Dr. William Pollock, Harvard psychologist and author of Real Boys, concludes that divorce is difficult for children of both sexes but it is devastating for males. He says the basic problem is the lack of discipline and supervision in the father's absence and his unavailability to teach what it means to be a man. Pollock also believes fathers are crucial in helping boys to manage their emotions. As we have seen, without the guidance and direction of a father, a boy's frustration often leads to varieties of violence and other antisocial behavior.

Numerous researchers agree that losing a dad (or never having had one) is catastrophic for males. Thirty years ago it was believed that poverty and discrimination were primarily responsible for juvenile crime and other behavioral problems. Now we know that family disruption is the real culprit. Despite all the red flags that warn us of the dangers, cavalier attitudes abound with regard to premarital pregnancy, divorce, infidelity, and cohabitation.

Don Elium, author of Raising a Son, says that with troubled boys, the common theme is distant, uninvolved fathers and, in turn, mothers who have taken on more responsibility to fill the gap.

Sociologist Peter Karl believes that because boys spend up to 80 percent of their time with women, they don't know how to act as men when they grow up. When that happens, the relationship between the sexes is directly affected. Men become helpless and more and more like big kids.

These statistics and trends can't be appreciated fully until we see how they are translated into the lives of individuals. I was talking recently to such a person—a fifty-eight-year-old man who described the unhappy memory of his father. His dad had been a minister who was consumed by work and other interests. This father never came to sporting events or any other activities in which his son was a participant. He neither disciplined nor affirmed him. By the time the boy was a senior in high school, he was the starting guard on a winning big-school football team. When his team qualified for the state championship, this boy was desperate to have his dad see him play. He begged, "Would you please be there on Friday night? It is very important to me." The father promised to come.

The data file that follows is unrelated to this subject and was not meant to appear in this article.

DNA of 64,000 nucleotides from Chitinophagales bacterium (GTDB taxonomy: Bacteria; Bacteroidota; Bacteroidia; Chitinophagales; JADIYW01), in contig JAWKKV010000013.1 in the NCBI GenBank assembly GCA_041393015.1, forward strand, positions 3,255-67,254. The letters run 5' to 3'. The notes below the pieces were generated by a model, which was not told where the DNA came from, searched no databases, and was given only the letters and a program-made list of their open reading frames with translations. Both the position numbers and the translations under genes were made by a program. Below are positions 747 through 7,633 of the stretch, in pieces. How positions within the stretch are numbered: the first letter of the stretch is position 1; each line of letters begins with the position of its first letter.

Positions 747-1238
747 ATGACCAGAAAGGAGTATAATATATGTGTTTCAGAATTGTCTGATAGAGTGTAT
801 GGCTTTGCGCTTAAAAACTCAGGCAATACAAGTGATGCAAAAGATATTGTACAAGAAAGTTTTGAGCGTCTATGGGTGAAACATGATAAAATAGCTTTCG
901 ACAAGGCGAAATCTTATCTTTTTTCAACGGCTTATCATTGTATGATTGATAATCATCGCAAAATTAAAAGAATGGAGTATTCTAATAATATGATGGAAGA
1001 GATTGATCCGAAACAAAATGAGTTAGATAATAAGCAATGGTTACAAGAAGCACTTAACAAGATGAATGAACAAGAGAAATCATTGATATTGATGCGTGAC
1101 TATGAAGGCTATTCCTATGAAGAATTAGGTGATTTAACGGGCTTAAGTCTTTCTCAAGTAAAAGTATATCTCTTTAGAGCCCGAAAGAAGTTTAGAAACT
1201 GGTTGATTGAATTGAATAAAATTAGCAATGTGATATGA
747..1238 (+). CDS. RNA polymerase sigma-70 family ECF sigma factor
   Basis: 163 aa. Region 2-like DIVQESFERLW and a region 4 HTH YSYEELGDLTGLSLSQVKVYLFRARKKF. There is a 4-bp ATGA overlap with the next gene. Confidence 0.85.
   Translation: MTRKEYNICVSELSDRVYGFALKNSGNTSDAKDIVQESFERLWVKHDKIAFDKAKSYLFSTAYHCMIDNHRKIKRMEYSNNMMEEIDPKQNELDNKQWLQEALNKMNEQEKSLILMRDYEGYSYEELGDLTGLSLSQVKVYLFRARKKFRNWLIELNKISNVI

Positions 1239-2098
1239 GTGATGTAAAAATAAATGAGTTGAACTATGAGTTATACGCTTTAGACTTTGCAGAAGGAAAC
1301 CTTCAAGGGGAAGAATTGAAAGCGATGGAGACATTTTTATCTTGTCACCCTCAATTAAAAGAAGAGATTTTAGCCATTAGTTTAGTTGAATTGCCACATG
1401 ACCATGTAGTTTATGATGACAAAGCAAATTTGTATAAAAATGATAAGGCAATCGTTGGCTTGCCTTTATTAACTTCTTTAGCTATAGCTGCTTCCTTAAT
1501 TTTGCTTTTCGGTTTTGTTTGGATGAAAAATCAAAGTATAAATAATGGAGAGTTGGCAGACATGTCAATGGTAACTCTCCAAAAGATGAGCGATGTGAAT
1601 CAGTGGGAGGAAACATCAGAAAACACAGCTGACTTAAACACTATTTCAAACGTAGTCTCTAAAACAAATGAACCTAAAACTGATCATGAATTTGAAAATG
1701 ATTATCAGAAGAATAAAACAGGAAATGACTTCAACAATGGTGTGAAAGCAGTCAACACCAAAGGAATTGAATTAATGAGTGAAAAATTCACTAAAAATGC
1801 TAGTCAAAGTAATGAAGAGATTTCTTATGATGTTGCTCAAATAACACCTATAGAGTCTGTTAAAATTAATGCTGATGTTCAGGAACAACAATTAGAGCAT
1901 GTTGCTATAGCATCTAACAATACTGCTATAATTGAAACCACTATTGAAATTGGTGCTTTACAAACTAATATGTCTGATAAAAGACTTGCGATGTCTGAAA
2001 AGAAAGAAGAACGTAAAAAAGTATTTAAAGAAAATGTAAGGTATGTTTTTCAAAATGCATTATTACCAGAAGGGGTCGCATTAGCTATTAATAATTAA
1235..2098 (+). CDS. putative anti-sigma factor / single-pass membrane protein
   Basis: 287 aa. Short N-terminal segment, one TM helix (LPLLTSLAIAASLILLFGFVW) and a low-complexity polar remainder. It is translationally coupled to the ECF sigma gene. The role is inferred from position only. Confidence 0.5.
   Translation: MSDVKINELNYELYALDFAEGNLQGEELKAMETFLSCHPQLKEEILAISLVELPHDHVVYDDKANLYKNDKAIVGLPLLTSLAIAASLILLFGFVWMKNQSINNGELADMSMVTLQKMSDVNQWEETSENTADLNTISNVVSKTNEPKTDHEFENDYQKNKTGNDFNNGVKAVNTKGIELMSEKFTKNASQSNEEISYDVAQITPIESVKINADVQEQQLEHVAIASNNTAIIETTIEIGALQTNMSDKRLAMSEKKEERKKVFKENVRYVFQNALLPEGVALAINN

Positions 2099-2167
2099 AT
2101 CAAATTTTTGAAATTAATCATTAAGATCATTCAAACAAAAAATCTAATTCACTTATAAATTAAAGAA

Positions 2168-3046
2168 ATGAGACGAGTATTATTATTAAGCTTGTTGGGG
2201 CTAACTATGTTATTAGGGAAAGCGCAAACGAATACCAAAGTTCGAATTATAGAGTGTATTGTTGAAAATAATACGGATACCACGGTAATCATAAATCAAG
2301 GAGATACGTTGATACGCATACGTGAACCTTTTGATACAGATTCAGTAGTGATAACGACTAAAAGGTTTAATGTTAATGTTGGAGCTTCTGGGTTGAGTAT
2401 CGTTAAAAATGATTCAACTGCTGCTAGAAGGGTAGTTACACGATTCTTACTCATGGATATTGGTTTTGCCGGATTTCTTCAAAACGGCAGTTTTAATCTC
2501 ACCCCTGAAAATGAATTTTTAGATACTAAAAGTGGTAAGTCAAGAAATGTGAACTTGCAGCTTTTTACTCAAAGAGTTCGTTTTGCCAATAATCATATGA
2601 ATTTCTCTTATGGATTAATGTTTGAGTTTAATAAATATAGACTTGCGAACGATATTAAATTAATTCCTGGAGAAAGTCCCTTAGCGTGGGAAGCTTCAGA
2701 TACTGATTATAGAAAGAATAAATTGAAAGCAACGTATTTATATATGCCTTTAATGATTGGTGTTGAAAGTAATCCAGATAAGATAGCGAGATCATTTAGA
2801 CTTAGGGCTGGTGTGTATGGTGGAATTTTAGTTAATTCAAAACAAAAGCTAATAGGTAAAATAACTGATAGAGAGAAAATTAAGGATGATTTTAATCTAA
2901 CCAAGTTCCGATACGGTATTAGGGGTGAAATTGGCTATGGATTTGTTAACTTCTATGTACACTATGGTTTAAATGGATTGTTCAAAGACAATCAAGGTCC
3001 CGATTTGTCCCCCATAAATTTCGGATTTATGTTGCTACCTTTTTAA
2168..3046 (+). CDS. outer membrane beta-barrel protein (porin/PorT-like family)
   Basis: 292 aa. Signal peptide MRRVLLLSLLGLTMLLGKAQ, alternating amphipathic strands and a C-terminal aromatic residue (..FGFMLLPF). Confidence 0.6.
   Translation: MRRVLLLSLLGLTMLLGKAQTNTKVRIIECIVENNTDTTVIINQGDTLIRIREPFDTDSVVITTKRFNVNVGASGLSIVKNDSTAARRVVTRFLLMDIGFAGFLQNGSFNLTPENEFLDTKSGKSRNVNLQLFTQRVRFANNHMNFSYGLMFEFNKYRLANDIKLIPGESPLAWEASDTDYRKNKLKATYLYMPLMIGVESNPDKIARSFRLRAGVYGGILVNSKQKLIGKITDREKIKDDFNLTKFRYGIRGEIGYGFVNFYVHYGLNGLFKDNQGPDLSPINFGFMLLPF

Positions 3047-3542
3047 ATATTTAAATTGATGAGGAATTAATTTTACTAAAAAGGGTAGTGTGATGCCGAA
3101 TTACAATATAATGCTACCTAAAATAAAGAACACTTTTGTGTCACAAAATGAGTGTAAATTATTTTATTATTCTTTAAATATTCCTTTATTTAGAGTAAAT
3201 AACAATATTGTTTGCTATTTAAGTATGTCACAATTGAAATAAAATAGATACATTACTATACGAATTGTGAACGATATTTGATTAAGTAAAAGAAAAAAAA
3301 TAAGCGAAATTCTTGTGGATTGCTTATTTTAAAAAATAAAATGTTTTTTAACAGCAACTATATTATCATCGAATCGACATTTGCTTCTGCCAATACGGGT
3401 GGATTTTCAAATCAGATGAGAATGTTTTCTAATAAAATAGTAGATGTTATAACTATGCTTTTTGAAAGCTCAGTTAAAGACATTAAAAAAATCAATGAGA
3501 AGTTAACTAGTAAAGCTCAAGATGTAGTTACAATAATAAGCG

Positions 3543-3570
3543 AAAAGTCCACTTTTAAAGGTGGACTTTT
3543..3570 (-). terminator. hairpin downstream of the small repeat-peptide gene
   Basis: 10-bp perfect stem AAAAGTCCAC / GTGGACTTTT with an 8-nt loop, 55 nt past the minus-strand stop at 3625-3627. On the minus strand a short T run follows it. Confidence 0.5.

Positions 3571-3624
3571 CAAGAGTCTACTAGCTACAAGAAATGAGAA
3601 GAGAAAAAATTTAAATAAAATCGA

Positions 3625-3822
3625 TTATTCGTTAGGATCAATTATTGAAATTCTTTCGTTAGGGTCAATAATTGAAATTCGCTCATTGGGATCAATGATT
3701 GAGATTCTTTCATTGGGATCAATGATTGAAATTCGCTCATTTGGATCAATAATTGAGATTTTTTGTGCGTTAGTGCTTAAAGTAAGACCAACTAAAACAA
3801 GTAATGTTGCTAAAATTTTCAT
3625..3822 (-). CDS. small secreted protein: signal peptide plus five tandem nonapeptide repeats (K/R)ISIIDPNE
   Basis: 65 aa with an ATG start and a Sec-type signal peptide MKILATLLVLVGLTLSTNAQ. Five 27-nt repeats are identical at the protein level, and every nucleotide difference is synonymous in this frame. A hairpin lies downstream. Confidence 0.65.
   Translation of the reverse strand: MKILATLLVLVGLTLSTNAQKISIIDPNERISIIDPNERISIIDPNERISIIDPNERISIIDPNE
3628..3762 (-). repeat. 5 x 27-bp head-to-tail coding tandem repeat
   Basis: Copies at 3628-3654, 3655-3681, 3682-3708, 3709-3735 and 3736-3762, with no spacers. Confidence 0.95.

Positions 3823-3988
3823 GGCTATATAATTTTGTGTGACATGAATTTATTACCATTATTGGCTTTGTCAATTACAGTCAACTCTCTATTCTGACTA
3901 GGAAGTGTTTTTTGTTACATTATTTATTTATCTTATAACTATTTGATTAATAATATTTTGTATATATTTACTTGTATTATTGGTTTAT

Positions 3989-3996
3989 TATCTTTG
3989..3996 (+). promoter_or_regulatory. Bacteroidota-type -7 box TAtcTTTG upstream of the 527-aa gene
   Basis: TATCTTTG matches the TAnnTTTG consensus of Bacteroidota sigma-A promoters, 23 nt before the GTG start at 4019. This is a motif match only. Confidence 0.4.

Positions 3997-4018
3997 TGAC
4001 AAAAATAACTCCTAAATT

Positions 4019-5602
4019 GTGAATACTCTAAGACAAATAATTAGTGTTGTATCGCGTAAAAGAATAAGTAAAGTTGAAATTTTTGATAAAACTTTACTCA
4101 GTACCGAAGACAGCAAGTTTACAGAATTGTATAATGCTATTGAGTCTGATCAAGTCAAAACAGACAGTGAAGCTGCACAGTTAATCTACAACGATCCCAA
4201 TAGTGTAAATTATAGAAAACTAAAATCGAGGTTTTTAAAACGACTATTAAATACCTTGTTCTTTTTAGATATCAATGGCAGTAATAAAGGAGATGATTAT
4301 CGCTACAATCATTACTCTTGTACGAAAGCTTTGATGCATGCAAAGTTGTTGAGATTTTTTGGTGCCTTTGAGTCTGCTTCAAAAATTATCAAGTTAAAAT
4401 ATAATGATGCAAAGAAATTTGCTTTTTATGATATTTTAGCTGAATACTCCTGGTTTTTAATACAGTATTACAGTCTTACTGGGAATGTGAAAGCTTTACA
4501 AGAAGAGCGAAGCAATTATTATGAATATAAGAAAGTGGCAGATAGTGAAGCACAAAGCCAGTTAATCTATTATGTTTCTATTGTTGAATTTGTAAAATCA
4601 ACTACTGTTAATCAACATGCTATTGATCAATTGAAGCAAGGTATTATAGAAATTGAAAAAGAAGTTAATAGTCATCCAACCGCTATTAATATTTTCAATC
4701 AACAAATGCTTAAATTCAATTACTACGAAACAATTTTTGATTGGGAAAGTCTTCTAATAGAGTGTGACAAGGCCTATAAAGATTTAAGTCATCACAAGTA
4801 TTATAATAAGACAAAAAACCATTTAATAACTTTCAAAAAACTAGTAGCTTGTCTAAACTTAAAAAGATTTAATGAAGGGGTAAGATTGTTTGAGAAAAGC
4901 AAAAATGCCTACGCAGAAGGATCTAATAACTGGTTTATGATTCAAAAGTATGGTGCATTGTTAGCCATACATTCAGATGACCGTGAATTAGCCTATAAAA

On the night of the big game, the boy was on the field warming up when he happened to see his father enter the stadium with two other men wearing business suits. They stood talking among themselves for a moment or two and then left. The man who told me this story had tears streaming down his cheeks as he relived that difficult moment of so long ago. It had been forty years since that night, and yet the rejection and disappointment he felt as a teenager were as vivid as ever. A year after our conversation, this man's father died at eighty-three years of age. My friend stood alone before his dad's casket at the funeral home and said sorrowfully, "Dad, we could have shared so much love together—but I never really knew you."

Going back to the night of the football game, I wonder what that father considered more important than being there for his son. Was his "to do" list really more urgent than meeting the needs of the boy who bore his name? For whatever reasons, that man allowed the years to slide by without fulfilling his responsibilities at home. Although he is gone, his legacy is like that of countless fathers who were too busy, too selfish, and too distracted to care for the little boys who reached for them. Now their record is in the books. If only they could go back and do it differently. If only ... ! Ifonly ... !

Book: Bringing Up Boys

By Dr. James Dobson